Yes. Bipolar and Defensiveness are married.

I am not going to lie.

I am defensive about my neurological imbalance.

It is actually quite easy to “police” or “monitor” my behaviors and my personality and my mood because I have actually been to the doctor and have been diagnosed with a big, scary word called “bipolar.”

It is easy to not separate the girl from the “disorder” in one’s mind. (Even in my own mind.  It is hard not to take the label of “bipolar” on like a colorful forehead tattoo.  It is hard to separate myself from my diagnosis.)

I have a confession to make.  This whole Bipolar thing is HARD.

I have to lay down my own will every single day.

When people question how much I’ve been sleeping when they themselves haven’t been sleeping very often, when they question my eating habits while they are eating donuts, when they look at me sideways because my mood goes up and down (like theirs does not), it is HARD for me not to get defensive.

I am working on it.

But it is the hardest thing I have ever done, to be honest, to remain calm and not get frustrated or defensive when some people seem to question my every move (whether or not it’s out of care for me.)

Take care of yourself, and before you question my own life choices, make sure yours are in check as well.


Just being real with y’all.  I am a flawed human being and I am sick of feeling like I need to “prove” to you that I am “back to normal.”

That is the struggle of bipolar disorder.  (one of the many.)





  1. One day a lady went to visit Gandhi. She asked him to tell her son to stop eating chocolates. Her son loved chocolates and would eat them all day long. Gandhi said to come back with her son in two weeks. Sure enough, after two weeks the mom came back with her son and stood in front of Gandhi. He looked at her son and said,” son…stop eating chocolates.” Then he said to them that they could go. The mother asked “but Gandhi why did you ask us to come back in two weeks? you could have told him that before.” Gandhi replied, “no i couldnt, two weeks ago i still ate chocolates.”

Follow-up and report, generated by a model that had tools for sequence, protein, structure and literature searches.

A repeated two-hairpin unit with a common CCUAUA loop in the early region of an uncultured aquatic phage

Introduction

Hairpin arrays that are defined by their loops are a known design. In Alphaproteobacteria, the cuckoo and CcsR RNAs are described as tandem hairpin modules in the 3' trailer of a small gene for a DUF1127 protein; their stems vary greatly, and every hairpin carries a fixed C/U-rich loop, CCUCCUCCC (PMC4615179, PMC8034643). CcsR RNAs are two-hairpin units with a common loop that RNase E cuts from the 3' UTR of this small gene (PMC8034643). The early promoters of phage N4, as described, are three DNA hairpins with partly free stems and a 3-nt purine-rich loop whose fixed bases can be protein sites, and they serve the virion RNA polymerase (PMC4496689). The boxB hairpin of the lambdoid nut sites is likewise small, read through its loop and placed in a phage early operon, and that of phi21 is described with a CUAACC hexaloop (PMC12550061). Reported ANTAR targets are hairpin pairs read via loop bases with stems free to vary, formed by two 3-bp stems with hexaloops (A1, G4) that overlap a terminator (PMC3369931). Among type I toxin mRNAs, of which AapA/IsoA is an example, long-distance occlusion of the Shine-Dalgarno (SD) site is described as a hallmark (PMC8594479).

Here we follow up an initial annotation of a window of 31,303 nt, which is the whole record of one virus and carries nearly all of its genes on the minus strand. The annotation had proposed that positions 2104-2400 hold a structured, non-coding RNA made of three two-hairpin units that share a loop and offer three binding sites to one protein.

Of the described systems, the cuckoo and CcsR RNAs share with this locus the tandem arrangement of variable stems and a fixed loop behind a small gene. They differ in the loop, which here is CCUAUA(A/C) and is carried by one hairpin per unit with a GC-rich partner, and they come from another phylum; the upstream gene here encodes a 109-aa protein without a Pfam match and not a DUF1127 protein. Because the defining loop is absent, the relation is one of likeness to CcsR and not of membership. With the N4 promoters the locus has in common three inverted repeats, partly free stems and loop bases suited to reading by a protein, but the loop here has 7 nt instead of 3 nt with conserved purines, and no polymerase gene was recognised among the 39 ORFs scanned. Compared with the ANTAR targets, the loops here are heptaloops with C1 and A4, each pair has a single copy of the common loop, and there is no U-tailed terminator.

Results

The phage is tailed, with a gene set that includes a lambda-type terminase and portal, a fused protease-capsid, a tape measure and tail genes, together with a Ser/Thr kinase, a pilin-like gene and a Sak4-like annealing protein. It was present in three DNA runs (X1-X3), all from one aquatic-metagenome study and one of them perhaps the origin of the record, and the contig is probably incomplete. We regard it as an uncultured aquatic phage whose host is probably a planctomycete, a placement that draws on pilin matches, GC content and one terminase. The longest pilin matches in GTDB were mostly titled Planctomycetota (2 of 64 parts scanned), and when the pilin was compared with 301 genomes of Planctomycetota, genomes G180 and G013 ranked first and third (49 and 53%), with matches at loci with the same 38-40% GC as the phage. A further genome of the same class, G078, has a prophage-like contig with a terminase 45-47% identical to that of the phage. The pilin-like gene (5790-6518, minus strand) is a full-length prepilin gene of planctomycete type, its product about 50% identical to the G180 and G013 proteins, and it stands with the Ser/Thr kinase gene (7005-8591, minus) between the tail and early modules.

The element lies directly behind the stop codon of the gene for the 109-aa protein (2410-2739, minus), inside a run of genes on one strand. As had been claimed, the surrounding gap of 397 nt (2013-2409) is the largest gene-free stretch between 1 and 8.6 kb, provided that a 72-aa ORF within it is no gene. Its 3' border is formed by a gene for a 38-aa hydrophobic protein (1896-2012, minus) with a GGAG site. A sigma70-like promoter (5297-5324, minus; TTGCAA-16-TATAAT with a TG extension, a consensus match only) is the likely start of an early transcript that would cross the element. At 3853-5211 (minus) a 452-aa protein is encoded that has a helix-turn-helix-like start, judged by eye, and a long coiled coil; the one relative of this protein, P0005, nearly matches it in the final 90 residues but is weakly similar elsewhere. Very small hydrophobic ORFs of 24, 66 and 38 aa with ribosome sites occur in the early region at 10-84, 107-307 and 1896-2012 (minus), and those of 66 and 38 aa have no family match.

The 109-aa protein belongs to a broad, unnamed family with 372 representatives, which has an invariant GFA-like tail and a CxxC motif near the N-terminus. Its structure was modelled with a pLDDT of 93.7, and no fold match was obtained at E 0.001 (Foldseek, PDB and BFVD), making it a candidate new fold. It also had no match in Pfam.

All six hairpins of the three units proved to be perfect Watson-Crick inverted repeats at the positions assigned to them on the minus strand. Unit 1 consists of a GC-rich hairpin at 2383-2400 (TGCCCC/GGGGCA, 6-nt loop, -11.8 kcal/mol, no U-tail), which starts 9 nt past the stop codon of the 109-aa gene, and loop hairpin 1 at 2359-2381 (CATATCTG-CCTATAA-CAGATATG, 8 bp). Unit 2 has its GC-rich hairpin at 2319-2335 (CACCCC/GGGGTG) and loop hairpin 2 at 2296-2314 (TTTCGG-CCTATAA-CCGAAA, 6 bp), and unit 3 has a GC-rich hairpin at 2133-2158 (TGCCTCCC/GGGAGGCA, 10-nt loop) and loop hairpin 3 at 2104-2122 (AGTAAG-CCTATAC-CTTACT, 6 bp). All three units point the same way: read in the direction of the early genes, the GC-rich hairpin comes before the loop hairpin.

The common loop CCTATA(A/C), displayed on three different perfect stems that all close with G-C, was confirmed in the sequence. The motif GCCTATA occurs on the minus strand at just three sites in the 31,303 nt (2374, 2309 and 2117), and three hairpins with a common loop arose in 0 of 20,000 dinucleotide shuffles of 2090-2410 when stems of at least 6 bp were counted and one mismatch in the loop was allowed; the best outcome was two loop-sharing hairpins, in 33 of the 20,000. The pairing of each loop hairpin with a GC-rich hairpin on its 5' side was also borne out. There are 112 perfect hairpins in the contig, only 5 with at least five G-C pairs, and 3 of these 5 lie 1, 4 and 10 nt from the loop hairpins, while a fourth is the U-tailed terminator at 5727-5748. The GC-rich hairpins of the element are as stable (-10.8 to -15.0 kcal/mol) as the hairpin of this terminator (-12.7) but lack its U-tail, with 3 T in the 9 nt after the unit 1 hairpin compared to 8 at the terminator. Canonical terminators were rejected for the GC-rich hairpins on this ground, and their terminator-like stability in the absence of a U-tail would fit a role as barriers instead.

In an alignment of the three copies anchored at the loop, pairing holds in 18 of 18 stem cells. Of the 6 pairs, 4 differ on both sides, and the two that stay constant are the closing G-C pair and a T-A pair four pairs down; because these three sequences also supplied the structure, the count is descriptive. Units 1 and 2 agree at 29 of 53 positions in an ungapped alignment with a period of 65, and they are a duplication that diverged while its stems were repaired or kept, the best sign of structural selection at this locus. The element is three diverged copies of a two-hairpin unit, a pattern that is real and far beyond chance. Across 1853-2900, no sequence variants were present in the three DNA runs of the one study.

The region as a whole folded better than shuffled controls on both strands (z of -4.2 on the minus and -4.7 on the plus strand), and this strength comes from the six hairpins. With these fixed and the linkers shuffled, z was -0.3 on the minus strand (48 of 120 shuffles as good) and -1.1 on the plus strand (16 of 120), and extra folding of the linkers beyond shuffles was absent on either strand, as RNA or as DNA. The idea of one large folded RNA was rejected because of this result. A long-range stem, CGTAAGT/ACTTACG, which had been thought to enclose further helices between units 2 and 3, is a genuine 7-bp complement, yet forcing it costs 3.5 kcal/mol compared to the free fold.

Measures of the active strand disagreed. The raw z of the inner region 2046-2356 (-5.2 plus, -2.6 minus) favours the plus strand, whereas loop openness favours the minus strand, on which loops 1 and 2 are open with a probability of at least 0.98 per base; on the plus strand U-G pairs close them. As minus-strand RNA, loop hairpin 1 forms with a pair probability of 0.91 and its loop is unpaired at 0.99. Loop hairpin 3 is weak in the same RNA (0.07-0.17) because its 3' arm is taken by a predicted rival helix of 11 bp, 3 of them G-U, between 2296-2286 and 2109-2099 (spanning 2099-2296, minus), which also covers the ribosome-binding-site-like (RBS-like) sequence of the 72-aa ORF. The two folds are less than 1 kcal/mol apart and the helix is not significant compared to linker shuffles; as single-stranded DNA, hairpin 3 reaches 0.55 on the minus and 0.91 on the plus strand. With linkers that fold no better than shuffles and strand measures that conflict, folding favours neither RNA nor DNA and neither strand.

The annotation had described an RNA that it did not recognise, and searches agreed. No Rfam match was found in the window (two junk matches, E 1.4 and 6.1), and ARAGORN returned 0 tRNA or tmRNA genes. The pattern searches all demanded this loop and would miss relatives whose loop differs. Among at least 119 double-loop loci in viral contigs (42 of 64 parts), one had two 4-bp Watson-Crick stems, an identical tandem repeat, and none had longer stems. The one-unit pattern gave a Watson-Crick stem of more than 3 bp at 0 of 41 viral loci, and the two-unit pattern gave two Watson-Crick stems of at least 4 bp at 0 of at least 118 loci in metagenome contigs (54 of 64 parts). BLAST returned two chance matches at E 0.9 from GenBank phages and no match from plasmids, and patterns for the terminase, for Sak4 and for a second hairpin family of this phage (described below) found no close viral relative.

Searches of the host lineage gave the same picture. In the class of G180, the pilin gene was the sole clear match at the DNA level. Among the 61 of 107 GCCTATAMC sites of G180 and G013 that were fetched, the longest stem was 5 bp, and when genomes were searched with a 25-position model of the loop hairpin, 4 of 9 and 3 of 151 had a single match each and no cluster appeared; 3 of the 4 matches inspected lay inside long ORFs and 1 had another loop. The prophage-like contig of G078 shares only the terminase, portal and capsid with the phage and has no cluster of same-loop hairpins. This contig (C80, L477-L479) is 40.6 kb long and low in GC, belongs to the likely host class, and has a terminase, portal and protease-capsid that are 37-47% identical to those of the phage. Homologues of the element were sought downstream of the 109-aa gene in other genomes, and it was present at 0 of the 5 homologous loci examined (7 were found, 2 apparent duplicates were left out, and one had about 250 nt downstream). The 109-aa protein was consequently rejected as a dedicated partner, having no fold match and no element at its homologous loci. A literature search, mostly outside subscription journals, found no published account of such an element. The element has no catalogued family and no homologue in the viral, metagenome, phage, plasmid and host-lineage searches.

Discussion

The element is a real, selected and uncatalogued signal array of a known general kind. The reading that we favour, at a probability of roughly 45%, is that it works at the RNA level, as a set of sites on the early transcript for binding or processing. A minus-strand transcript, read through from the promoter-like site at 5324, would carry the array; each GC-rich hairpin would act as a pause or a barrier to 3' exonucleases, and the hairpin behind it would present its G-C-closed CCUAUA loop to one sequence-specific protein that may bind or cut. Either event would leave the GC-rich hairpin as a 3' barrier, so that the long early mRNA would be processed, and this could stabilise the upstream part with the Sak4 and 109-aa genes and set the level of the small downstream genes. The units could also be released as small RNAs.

But back to reality: We are not all Gandhi. We dont always measure to such integrity wishing that others would do what we fall short of.
    However at the end its all about how one deals with the hand that life has dealt you. Not what others say or do. Keep the focus in, do your best and learn from mistakes. Yours and others. TT hugs to your light heart.

  2. My brother is bipolar and it’s been really hard on my family because he has made some very bad choices and has been in and out of prison and jail. I think that if you can identify this, and write this down, and publish it, YOU are doing fantastic. My brother was diagnosed 14 years ago and many times since but refuses to even acknowledge it.

  3. I can imagine that it has to be so hard to be on guard of your own thinking and feelings all the time. However, this practice over time is what will construct a better quality of life for you and your loved ones. I am so proud of you for working hard on yourself and for sharing. There are so many people that can be encouraged with your words. Blessings.

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